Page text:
Ideas are, at least in part, shaped by the body and its interaction with the world.

Consider just one variable: temperature. If a user were to access our content while working in a country experiencing a sub-zero freeze, we can use a content management system and multi-variant testing to adapt our tone and imagery to give him a feeling of warmth. We know from studies of embodied cognition that if we can evoke a sense of physical warmth within our users, they will, in turn, think warmly of us, our product, or service. Marketers have been doing this for years. Campbell’s Soup has spent years and millions of dollars trying to divine the perfect amount of steam to display on its labels. They’ve been able to sell more soup by simply removing a spoon and adding more steam to the pictures they’ve chosen for their in-store displays.

The increased amount of steam reinforces the embodied knowledge tied to our metaphors for warmth.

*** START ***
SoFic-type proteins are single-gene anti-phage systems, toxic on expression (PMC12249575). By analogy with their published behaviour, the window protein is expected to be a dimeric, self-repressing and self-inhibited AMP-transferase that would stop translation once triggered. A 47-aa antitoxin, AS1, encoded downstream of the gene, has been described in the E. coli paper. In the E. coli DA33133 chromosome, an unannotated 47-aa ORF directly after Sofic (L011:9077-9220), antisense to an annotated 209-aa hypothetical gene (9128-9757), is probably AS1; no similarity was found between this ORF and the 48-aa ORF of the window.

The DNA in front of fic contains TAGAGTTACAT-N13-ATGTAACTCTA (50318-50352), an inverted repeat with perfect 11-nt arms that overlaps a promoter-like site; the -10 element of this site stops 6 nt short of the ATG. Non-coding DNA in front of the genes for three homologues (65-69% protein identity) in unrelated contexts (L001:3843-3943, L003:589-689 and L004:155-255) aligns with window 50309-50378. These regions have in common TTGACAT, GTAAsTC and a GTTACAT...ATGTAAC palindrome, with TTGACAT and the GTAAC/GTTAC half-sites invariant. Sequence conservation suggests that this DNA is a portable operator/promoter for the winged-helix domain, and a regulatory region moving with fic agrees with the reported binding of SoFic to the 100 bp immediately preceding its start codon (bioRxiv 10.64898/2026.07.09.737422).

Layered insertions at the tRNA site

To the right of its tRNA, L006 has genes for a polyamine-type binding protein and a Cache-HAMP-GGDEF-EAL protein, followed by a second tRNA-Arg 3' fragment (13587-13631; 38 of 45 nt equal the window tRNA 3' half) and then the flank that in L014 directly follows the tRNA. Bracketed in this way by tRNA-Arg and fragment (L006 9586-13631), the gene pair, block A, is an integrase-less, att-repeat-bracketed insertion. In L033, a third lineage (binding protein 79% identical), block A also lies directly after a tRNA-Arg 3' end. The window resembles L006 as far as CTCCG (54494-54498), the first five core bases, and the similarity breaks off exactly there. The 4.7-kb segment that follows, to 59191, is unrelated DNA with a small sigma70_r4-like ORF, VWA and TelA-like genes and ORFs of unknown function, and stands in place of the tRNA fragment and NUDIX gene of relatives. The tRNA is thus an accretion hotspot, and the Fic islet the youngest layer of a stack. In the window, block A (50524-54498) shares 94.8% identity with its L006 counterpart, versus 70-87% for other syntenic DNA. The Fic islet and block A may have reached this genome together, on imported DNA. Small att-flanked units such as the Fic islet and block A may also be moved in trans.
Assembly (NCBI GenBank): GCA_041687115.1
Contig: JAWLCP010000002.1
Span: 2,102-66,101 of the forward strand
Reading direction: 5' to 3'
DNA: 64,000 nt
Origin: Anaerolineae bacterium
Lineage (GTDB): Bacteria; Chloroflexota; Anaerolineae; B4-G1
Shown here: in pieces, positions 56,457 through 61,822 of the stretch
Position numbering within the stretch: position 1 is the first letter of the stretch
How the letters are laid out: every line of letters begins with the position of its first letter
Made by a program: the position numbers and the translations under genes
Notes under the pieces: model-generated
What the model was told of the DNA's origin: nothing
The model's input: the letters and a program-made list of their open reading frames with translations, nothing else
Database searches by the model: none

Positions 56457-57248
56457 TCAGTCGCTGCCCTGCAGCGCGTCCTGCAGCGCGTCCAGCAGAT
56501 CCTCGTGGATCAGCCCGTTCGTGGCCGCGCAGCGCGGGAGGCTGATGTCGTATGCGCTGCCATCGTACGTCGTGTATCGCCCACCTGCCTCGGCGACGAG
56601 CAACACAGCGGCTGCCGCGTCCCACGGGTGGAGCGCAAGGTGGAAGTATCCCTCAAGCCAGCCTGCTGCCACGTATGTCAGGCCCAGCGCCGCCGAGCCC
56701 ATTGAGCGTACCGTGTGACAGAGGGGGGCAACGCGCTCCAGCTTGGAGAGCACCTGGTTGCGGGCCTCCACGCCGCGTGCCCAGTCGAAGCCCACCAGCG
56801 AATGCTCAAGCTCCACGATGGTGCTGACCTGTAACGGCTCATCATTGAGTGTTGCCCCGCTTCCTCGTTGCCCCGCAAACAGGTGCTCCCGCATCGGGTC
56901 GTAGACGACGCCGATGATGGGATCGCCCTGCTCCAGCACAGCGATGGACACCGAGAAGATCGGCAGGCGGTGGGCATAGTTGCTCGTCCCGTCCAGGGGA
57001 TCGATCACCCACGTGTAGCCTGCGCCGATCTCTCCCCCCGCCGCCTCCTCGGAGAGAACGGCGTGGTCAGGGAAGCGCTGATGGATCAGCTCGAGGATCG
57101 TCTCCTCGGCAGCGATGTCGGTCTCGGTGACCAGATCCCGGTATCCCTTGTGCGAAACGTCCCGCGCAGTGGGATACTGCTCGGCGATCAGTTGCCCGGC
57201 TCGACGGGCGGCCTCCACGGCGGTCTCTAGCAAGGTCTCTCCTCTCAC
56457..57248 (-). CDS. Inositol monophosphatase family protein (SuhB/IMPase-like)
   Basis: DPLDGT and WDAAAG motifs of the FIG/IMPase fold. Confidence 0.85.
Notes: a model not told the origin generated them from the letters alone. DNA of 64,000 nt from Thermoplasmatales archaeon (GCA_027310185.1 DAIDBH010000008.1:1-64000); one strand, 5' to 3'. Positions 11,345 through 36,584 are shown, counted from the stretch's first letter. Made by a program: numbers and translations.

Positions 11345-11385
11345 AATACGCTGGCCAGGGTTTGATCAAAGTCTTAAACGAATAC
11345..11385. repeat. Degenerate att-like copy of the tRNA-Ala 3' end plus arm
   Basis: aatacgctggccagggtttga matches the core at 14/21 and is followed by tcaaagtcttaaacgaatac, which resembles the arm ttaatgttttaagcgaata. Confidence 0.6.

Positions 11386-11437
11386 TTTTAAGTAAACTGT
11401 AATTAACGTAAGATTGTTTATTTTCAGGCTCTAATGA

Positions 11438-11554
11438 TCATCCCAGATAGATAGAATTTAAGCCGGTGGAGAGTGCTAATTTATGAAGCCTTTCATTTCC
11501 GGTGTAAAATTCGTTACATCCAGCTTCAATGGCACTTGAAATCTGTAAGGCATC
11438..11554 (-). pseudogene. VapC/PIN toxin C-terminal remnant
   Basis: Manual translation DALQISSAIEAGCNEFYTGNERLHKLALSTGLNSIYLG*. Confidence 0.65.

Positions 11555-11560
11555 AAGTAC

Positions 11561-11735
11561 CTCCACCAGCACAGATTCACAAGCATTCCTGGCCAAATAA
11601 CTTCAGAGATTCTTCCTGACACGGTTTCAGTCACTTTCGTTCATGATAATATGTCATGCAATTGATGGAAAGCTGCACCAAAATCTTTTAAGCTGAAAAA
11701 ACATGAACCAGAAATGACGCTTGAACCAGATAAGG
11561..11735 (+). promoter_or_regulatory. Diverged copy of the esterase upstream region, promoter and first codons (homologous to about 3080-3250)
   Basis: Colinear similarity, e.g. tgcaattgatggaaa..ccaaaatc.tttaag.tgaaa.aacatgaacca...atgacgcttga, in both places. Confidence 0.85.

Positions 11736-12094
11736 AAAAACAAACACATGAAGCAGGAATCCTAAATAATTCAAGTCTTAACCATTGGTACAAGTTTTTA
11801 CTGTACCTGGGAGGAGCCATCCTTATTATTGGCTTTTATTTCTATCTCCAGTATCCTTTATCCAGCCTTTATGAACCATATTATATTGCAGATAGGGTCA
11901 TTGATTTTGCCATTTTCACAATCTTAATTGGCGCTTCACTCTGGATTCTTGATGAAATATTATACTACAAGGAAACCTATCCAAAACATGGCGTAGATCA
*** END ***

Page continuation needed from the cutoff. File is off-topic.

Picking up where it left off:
(It also triggers several actions in the brain, but that is for another column.) Several members of a shopper panel exposed to the steamier images reportedly put more soup in their basket than they intended to buy. These findings are both wonderful and scary: embodied cognition implies that if we’re truly interested in changing someone’s behaviors or capacity to learn, we don’t need users to consciously change their attitudes. We need only make a change to their environment, via music, imagery, color variation, or even copy tone.

This means that the work we do, the things we make, and all the choices that lead to a system’s creation are far from neutral. As we pioneer new techniques in publishing, those who understand the ways in which cognition is rooted in embodied actions can achieve greater understanding from their audiences. With that power comes great responsibility.

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